In Dickens' A Tale of Two Cities, Dickens offers one character that shows evidence of being the archetype for an outlaw—Jerry Cruncher. The use of the term "outlaw" refers to one who operates outside of, or breaks, the law.
We are given an image of Jerry's work ethic, and how he appears like an outlaw, in Chapter Two. He has been sent with a message to Mr. Lorry, the London banker who is traveling to Paris. Jerry shows himself serious about his job, letting the reader know that he is a dedicated worker. He is covered with mud and his hat is close to holding a "half a gallon" of rainwater, but he delivers his message and receives a response before seeing to his own physical comforts. He also is mindful of the welfare of his horse, believing the mare will be harmed should Jerry do more than walk her on uneven ground having already ridden her hard to intercept Lorry. Here is a man who has his priorities straight—work is work, and there is no fooling around.
Mr. Lorry's response puzzles all that hear it—the coach's driver, the guard and Jerry. Whatever deeper meaning Lorry's message has, Jerry takes it at face value because of his profession. For as a thief of dead bodies, it would not do well if the corpses were "RECALLED TO LIFE," for it would damage Jerry's business irreparably.
‘Recalled to life.’ That’s a Blazing strange message. Much of that wouldn’t do for you, Jerry! I say, Jerry! You’d be in a Blazing bad way, if recalling to life was to come into fashion, Jerry!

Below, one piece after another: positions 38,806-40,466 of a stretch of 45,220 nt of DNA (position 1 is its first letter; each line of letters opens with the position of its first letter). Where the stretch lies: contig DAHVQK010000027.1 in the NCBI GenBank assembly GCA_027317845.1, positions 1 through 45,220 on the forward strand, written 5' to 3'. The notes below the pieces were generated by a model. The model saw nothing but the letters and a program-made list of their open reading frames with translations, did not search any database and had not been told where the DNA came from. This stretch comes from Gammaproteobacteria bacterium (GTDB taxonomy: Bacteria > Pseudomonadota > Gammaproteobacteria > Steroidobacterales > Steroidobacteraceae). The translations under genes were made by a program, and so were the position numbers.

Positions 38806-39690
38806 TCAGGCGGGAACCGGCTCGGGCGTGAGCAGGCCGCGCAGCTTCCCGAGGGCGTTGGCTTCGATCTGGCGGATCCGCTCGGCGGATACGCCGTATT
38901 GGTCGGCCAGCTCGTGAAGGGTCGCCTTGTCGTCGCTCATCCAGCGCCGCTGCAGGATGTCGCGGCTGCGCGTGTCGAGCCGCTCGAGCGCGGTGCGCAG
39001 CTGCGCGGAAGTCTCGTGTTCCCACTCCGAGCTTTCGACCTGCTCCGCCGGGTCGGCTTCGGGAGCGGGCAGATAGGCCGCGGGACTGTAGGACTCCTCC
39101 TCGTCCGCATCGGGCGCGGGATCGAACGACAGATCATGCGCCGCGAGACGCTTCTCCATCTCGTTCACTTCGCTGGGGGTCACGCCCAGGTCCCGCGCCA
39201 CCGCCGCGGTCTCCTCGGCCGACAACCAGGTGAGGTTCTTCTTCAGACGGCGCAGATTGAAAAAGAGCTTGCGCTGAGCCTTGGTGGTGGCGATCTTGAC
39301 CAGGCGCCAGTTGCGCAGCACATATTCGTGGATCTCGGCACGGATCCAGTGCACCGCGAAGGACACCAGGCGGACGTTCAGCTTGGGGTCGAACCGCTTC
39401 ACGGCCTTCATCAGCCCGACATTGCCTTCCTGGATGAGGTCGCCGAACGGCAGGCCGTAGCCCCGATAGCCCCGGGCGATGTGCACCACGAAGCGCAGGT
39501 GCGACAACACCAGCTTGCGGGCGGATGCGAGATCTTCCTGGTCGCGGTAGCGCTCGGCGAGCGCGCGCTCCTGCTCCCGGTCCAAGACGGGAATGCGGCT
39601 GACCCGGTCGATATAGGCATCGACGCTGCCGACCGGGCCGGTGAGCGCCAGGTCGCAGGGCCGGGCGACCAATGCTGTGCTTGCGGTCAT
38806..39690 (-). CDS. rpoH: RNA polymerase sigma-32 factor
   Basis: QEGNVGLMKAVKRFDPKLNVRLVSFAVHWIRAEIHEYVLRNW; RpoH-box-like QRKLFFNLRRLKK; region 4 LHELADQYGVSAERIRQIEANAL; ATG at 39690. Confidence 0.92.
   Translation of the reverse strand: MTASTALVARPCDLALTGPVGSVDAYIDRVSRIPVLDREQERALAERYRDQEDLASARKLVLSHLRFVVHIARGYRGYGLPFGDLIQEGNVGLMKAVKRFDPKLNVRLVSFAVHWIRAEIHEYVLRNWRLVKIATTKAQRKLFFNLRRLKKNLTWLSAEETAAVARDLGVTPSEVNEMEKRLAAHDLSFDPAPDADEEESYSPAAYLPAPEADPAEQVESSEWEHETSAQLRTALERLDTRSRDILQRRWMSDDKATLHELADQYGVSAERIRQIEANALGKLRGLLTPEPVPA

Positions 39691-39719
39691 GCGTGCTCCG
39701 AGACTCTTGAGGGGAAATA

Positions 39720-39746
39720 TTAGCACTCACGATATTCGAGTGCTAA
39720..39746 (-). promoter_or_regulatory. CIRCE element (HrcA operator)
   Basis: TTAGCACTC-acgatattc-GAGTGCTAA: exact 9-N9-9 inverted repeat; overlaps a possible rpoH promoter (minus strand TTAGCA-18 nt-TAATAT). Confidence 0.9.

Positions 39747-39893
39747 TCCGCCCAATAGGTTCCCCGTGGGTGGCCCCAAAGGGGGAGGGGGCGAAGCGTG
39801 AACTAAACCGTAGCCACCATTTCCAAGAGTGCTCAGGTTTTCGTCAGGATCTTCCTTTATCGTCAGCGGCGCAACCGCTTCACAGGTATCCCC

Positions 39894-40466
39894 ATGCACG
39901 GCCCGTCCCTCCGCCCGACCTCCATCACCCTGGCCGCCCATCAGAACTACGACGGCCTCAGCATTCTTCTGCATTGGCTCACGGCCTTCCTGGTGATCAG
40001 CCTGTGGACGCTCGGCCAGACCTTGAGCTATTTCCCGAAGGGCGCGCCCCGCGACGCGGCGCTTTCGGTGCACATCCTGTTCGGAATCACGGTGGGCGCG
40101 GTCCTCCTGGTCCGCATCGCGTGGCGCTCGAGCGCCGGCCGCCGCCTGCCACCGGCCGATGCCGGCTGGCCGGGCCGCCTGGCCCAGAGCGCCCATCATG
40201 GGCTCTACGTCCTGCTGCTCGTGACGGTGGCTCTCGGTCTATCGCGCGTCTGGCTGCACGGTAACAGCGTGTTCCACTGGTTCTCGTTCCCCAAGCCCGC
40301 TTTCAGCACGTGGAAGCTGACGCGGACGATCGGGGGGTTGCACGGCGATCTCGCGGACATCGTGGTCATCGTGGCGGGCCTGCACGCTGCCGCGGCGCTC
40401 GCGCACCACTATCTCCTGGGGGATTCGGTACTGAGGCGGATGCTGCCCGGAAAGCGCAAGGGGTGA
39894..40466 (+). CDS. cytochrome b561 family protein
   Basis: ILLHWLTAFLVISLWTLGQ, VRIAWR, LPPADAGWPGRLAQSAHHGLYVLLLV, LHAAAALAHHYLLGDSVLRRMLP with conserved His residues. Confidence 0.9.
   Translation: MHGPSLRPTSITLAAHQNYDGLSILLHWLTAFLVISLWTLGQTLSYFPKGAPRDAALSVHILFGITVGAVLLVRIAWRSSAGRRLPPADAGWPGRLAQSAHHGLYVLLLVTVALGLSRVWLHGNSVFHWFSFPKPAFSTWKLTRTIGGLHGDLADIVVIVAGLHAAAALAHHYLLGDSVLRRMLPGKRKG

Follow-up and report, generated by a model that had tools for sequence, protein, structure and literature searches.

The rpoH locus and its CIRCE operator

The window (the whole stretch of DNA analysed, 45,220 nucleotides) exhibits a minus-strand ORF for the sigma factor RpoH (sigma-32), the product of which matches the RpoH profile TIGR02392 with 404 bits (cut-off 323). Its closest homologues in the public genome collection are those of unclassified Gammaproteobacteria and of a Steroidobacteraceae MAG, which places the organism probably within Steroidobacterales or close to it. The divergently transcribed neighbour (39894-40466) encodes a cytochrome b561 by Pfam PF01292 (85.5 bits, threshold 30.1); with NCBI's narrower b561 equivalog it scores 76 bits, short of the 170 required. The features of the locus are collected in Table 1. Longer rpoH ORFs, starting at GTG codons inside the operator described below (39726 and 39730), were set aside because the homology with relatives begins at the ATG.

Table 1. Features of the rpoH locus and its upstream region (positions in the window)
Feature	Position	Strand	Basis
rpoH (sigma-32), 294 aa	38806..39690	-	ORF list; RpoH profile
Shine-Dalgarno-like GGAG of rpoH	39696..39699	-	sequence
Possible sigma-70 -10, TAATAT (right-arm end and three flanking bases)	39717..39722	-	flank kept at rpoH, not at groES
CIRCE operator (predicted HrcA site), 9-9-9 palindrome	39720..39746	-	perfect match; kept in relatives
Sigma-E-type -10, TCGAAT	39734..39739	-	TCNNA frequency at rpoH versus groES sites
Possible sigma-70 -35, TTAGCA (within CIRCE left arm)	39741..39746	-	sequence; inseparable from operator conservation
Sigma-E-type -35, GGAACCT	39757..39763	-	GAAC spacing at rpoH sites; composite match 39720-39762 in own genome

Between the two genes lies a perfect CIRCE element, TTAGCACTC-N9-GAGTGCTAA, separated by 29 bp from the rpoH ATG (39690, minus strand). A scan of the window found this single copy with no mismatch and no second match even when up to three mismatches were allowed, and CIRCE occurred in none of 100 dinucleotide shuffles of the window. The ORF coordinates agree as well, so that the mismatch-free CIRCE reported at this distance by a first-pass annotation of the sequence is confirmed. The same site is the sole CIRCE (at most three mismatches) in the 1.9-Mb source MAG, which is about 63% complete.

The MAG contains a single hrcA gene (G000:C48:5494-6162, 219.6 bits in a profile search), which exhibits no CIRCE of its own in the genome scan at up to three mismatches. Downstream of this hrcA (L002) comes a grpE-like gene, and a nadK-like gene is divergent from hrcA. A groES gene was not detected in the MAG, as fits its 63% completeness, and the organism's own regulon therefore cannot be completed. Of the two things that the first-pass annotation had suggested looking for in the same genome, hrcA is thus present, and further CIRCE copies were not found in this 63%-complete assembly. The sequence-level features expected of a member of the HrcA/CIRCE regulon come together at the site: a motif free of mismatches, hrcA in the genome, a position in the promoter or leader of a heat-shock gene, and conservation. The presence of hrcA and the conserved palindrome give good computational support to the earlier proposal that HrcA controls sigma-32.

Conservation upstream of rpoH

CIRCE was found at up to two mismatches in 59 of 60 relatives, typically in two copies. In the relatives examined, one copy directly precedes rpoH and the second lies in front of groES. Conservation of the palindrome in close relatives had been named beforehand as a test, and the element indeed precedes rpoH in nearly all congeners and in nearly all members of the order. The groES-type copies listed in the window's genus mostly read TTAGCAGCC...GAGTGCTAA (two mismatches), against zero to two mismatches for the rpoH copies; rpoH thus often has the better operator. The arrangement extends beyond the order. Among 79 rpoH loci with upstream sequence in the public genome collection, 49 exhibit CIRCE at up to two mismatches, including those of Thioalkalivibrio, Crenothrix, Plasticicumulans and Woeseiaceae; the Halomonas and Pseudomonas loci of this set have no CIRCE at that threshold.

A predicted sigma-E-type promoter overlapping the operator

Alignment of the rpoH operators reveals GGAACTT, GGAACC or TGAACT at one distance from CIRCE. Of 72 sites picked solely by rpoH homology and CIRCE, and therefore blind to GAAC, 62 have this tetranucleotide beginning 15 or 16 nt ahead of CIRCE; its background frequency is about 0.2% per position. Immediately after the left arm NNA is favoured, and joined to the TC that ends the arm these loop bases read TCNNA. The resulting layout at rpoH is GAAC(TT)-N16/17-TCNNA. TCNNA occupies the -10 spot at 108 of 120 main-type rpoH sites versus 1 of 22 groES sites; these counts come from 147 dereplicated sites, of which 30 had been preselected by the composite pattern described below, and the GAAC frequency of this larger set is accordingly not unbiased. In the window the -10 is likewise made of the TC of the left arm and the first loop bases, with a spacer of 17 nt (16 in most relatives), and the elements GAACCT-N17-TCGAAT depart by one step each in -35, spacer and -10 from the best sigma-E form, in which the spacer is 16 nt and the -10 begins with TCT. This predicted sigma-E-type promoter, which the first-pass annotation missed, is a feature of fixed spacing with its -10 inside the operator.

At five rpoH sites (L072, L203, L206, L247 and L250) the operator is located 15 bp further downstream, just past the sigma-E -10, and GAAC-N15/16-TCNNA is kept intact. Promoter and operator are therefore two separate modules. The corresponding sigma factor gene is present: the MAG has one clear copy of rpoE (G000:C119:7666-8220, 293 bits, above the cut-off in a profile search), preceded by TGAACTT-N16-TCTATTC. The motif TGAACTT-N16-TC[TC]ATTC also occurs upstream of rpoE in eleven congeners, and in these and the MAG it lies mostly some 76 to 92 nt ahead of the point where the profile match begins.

Jerry is the "resurrection" man, one who "resurrects" dead bodies from the graveyard to sell to medical students so they can "perfect their craft." Perhaps what makes Jerry not as reprehensible as one might first think him to be is that he sees nothing wrong with his actions. He is making an "honest" living—it's not as if the dead bodies are needed by anyone else (particularly the deceased)—though stealing them is illegal.
Ironically, Jerry might seem more the "outlaw" less because he is a thief and more because he has rejected "prayer." A moral individual would see it as a strength—to resist the evils and temptations of life.
Jerry has the looks of what one would expect of an outlaw. In Chapter Two, he is close to being shot as a highwayman. His hat is pulled down against the weather and his face is concealed (though with mud, not a mask); his voice is hoarse—as one might expect an outlaw to change his voice to avoid being identified.
In Chapter Three we learn that Jerry keeps his eyes covered by the shadow of his hat. If eyes are "the window of the soul," he is reticent to give away much about himself through these "pale orbs:"
He had eyes...being of a surface black, with no depth in the colour or form...
His hair is also offsetting:
Except on the crown, which was raggedly bald, he had stiff, black hair, standing jaggedly all over it, and growing downhill almost to his broad, blunt nose...
And beside Jerry's appearance, he has an uncommon interest in funerals, not surprising with his profession.
Funerals had at all times a remarkable attraction for Mr. Cruncher; he always pricked up his senses, and became excited, when a funeral passed Tellson’s.
Even though Jerry is "respected" and considers himself a "hardworking honest man," his trade in corpses—which is distasteful and illegal—fill out the impression of an outlaw more so that the other characters in the novel.